The government also limited labor organizations’ ability to register participants, thus compromising the ability of labor groups to operate. The two civil, nongovernmental labor unions each had a government-appointed counterpart, which union leaders referred to as “shadow unions.” Union leaders alleged that the government suppressed independent representative unions by tacitly discouraging labor meetings and encouraging government-sponsored shadow unions. The government did not recognize the civil, nongovernmental labor unions, and only members of the government-approved labor unions attended international and regional labor meetings with the imprimatur of the government. The Labor Union of Djibouti continued to operate as a civil-organized union without government recognition.

Collective bargaining sometimes occurred and usually resulted in quick agreements. The National Council on Work, Employment, and Professional Training examined all collective bargaining agreements and played an advisory role in their negotiation and application. The council included representatives from labor, employers, and the government.

Workers exercised the right to strike and occasionally disregarded the requirement for advance notification of strikes. Djiboutian contract workers at a foreign military installation at Camp Lemonnier went on strike in June following the Base Operating Support contract turnover to a new contractor. Under the new contract, the company proposed eliminating positions and cutting salaries. Senior government officials – including several cabinet ministers – took the lead in negotiations with the contractor and the foreign government. The local employee association was not engaged directly in the negotiations, although the government did informally consult with the association. The negotiations resulted in all Djiboutian employees keeping their jobs.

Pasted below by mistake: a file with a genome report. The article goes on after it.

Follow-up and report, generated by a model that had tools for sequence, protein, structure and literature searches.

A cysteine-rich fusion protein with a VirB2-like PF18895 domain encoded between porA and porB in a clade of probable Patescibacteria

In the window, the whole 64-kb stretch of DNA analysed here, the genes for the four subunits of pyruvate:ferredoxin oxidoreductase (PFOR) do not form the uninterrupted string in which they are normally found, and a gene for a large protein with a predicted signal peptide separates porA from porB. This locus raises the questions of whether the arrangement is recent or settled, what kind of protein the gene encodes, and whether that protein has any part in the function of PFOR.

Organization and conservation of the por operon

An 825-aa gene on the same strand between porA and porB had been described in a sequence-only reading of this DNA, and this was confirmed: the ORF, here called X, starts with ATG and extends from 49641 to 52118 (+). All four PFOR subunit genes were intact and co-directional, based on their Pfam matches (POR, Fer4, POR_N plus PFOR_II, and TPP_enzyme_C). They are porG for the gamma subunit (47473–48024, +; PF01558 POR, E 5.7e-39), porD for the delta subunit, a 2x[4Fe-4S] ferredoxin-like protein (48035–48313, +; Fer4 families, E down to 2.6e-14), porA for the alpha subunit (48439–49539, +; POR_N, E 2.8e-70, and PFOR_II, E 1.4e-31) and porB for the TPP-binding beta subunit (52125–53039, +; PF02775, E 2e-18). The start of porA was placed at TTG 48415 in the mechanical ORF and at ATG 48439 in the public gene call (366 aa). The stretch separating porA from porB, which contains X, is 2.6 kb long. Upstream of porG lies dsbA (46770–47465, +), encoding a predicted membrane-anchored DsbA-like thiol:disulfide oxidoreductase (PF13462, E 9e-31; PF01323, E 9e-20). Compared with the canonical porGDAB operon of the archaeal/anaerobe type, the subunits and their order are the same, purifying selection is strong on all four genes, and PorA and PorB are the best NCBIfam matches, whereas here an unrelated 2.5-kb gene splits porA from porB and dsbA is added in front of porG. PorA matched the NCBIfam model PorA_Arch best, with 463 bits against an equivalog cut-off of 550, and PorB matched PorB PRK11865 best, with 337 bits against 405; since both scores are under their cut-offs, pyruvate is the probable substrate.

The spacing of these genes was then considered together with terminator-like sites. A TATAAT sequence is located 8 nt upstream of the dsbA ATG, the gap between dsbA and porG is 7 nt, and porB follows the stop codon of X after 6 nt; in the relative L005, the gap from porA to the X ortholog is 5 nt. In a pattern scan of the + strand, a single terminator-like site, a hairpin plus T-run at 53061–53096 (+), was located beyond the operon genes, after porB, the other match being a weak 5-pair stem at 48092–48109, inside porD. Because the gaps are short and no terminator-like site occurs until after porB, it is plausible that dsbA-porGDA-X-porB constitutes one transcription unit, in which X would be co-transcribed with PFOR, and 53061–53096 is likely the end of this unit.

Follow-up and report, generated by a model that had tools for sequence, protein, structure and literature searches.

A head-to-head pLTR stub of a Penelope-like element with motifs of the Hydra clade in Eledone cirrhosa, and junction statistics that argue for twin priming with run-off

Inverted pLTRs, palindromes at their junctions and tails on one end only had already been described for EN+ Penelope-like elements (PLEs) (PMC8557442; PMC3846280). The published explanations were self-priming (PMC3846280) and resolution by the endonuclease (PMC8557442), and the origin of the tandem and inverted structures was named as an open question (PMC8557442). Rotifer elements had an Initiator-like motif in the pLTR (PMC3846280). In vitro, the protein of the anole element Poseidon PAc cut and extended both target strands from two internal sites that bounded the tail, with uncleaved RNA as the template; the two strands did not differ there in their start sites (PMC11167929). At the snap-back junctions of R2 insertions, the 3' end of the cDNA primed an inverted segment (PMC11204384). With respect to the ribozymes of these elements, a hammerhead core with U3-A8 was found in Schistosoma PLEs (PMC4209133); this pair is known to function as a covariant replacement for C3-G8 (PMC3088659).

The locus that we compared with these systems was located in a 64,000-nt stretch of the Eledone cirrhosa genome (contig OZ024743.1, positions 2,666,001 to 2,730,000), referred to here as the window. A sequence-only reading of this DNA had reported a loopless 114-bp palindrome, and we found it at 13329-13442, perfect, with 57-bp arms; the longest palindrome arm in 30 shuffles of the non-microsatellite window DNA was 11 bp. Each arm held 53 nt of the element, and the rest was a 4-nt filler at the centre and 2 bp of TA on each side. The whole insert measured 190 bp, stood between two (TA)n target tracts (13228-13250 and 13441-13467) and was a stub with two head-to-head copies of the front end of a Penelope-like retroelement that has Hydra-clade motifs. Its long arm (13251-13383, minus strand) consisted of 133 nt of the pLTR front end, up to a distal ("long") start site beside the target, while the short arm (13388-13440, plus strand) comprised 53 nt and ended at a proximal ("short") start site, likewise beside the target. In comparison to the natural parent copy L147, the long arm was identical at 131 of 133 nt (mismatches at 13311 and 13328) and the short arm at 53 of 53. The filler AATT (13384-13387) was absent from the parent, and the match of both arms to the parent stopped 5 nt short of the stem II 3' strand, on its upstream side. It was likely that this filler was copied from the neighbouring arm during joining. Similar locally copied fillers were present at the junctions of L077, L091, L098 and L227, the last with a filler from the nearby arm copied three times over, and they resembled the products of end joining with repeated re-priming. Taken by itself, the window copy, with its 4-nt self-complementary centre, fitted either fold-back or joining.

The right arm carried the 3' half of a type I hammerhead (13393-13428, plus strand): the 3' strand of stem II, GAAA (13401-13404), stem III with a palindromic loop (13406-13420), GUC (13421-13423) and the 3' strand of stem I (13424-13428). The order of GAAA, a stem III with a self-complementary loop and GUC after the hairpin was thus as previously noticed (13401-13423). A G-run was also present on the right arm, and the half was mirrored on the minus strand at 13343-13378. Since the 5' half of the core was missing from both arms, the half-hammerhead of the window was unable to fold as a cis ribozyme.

In disputes over wages or health and safety problems, the Ministry of Labor encouraged direct resolution by labor representatives chosen by the government and employers. Workers or employers could request formal administrative hearings before the Labor Inspectorate.